Tuesday 29 November 2016

Review of 'Splendor & Misery' by clipping.

Blunt, rapey lyrics aren’t usually my thing. I put up with them on this noise-hop trio's latest EP Wriggle (released earlier this year) because the infectiousness made up for it, although I couldn’t help but feel frontman Daveed Diggs was discouragingly dumbing himself down. Where was the vivid and gritty storytelling of previous albums?

It seems Diggs was saving his urban griot talents for this album – a space-themed noise-hop opera that tells the story of a lonely cosmic slave that falls in love with a robot, what seems to me to be a pretty original concept, although it wouldn’t surprise me if an anime has already used this plot (or at the very least a hentai). After a brief fifty-second intro, Diggs immediately breaks into his signature hyperspeed rapping, introducing our space-slave protagonist and his attempts to escape the cargo hold. The usual ‘it’s clipping, bitch!’ catchphrase that kicks off every album is sacrificed to make sure we're invested in the story. It’s a gripping start that sets the more sophisticated tone of the album, Diggs showing off his speed, his precision and lyrical prowess whilst also bringing a new theatrical flair to the table. These theatrics may have been inspired by Diggs’ recent lead role in the Broadway musical Hamilton, which isn’t a musical about Lewis Hamilton or Richard Hamilton or the dude from Apocalype Now as far as I’m aware. In fact, I don’t know anything about Hamilton. I just know that every review of clipping. now needs to give it an obligatory mention, as if we’re all suddenly theatre know-it-alls.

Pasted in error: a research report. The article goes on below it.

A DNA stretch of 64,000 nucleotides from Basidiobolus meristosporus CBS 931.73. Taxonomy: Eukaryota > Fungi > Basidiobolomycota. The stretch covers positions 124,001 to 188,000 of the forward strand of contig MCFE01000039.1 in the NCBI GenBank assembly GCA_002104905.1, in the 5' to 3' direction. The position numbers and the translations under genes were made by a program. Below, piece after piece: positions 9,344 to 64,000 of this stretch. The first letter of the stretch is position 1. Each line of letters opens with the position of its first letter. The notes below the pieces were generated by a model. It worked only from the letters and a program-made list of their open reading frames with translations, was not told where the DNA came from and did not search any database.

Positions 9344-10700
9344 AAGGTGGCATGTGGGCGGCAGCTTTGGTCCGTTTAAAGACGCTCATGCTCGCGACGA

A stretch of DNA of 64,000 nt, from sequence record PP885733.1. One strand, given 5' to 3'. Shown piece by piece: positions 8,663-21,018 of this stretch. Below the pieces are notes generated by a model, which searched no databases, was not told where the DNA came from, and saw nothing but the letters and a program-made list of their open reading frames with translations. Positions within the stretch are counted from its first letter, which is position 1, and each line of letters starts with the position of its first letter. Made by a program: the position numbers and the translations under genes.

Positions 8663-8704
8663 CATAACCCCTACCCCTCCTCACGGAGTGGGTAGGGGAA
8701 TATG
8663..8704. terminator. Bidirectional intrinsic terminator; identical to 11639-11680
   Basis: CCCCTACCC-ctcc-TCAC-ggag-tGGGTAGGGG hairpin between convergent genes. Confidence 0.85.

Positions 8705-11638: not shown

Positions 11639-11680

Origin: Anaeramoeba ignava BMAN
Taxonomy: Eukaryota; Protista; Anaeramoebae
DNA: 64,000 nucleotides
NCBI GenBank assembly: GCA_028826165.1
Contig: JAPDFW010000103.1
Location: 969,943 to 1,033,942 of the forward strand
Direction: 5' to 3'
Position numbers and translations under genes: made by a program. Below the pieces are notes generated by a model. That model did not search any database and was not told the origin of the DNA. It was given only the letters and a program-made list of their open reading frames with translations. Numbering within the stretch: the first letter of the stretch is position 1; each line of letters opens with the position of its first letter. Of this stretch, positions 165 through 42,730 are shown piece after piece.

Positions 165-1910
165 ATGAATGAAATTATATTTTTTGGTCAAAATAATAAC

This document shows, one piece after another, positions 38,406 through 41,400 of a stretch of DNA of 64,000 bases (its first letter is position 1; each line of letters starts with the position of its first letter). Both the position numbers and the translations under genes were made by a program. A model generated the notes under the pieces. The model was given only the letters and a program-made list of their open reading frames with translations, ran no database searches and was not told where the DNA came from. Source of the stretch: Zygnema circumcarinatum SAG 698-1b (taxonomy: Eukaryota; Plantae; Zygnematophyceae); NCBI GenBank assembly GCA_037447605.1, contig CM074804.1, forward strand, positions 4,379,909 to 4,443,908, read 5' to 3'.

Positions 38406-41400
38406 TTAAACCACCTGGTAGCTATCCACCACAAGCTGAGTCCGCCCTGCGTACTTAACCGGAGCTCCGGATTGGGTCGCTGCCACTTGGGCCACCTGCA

Anyhow, the point of the matter is, this album’s a lot more highbrow than Wriggle, Diggs abandoning the twisted twerk anthems for a sci-fi tale that serves as an allegory for slavery and our relationship with technology. On top of this the group’s sense of catchiness has been foregone in exchange for a more atmospheric approach. Noise-hop without hooks might not sound like something particularly listenable – and indeed I had my doubts during the bleeping backdrop of ‘All Black’. However, whilst tuneless, these instrumentals manage to carry a suspense that compensates for their lack of catchiness. A lot of it feels very cinematic from the siren blasts of ‘Wake Up’ to the bassy action-movie-trailer horns of ‘Break the Glass’. There are elements of a capella gospel, which seem to contribute a natural and earthy vibe to the tracks. And contrastingly there are moments of good old-fashioned harsh noise, just to show clipping. haven’t completely lost touch with their roots.

Overall, it’s a surprisingly cohesive album, and quite an evolution when compared to their noisy debut. clipping. have matured with every LP – Wriggle seemingly thrown in as a red herring. They’ve gone in the polar opposite direction of their often-compared-to contemporaries Death Grips – showing there is a clean and smooth side to noise-hop still to be explored. Who knew noise-hop could be so diverse? At this rate, it’ll be the only genre making up my year-end list.